One sunday run
January 19, 2012 by The Voyager
3am – got up and couldn’t sleep any more. The flight from Australia 2 days ago that took more than 32hrs and time change made me tired, but unable to sleep properly. My brother Les was up and reading something. We talked for a while and at 4am he went back to sleep.
5am – the weather didn’t look so good. The weather report on the radio said the flood warning was in place(!). Very heavy rain was already flooding Austria and Czech Republic and was moving our way. So instead of doing the usual trail run I decided to run into the city to the cathedral. At least this way there was no mud under my recently cleaned shoes.
The city was empty at 5:30am. Scary empty. Only a few drunk punks were coming home from a party. It was kind of hard to run on uneven cobble stones around the old town square and it was taking more energy. As I was crossing one street a DHL truck stopped, let me pass in front of him, the driver rolled the window down and said in broken English “I have a great respect for you , man” . He was probably thinking I didn’t speak any Polish after seeing my American Eagle jersey. I said “dziekuje” (thanks), smiled and went on. This of course made me feel good. I guess I could have been a drunk going home and my presence there would have triggered a different reaction.
Coming back, I ran past home. 1.5 hrs of running on Sunday just didn’t seem enough, even though it started raining and the wind picked up (I have a marathon coming in less than two months, like it or not, the runs need to be longer than that). So I ran past home, passed the railway embankment, radio station and went along the Russian cemetery with T-34 tanks at the entrance. Those tanks have been greeting anyone entering the city from the South for over 60 years and they have become a part of me, just like the parks, bridges, the cathedral and the old villas in that part of the city.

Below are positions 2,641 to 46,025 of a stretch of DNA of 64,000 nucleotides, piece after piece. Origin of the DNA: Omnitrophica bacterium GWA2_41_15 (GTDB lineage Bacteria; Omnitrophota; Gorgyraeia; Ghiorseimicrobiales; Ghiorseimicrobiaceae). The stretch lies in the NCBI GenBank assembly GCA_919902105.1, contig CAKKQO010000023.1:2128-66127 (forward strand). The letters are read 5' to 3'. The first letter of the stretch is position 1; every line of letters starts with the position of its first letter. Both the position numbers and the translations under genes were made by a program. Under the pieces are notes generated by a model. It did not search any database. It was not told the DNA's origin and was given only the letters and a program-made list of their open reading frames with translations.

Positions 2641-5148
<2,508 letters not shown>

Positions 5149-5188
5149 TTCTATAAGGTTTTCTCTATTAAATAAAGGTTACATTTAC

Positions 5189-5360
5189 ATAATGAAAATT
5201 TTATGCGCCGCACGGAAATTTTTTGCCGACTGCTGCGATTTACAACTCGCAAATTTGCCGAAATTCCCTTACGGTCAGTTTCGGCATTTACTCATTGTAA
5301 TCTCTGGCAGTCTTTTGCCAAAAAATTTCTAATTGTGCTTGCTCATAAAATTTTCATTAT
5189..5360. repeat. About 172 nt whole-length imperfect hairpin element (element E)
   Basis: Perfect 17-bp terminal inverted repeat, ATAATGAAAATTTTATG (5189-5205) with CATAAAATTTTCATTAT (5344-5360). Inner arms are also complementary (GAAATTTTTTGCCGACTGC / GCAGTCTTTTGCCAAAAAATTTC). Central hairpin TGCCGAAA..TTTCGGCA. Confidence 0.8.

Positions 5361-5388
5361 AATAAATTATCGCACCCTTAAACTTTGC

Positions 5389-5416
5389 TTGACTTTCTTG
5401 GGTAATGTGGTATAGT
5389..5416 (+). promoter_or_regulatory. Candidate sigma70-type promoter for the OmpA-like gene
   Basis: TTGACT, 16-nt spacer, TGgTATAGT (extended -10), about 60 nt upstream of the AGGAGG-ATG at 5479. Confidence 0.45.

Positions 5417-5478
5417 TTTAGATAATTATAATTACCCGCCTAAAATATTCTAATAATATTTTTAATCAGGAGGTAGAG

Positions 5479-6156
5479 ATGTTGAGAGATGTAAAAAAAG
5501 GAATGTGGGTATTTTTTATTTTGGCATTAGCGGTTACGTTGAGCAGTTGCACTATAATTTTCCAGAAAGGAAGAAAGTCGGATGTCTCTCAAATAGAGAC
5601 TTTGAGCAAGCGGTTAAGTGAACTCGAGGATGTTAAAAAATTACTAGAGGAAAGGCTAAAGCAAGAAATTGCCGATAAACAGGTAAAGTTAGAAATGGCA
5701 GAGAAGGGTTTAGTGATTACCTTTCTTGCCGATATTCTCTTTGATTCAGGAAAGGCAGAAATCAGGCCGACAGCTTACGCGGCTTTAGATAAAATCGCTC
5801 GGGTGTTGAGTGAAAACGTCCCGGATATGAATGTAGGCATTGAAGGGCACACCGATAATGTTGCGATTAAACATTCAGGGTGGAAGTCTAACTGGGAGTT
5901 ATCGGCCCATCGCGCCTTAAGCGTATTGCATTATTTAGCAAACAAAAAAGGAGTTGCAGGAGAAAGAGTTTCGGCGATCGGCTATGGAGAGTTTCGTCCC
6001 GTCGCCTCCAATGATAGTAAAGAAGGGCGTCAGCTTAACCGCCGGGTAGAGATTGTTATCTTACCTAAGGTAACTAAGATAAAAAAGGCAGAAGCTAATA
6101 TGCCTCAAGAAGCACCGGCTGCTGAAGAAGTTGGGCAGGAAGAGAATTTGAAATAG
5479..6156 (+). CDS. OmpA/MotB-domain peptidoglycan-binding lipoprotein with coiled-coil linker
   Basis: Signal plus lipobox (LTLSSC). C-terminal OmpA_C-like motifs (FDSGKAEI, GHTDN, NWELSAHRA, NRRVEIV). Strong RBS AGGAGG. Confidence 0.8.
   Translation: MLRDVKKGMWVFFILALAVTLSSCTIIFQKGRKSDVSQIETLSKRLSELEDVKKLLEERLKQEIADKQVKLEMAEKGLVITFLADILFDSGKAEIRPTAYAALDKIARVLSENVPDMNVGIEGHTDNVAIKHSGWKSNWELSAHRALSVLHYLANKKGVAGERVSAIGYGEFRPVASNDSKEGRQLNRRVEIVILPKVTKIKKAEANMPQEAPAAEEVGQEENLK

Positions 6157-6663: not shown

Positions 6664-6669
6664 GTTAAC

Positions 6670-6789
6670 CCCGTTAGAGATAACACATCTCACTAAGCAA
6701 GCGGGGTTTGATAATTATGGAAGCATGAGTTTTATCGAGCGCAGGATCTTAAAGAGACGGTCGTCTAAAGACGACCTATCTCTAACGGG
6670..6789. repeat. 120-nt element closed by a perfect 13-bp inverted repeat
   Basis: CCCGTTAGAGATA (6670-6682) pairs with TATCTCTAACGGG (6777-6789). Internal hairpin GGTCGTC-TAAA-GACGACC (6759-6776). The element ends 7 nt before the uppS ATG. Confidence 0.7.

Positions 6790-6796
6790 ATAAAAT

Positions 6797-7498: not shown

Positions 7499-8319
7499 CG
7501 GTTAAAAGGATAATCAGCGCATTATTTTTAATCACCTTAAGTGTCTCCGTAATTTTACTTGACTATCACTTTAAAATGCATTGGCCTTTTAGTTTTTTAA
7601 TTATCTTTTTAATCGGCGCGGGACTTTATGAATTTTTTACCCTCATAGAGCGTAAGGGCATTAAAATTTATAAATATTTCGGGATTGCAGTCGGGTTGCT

Back in the old days we were fed a lot of war movies and TV series. One of them was about a crew of a T-34 tank that fought along the Russian Army all the way from Russia to Berlin. Those 4 guys and their dog, lovely German shepherd “Rudy” were our childhood heroes and we often played “the tank” in our backyard.
It was no wonder that when I was a kid I wanted to climb inside one of those tanks at the cemetery and feel the real thing if only once. Now, many, many years later I was standing in front of those tanks again and thought about the old days. The pedestals were high, but the hatches in one of them were open and I sure wanted to climb into it again.
I may still do it sometime.
P.S. I did it!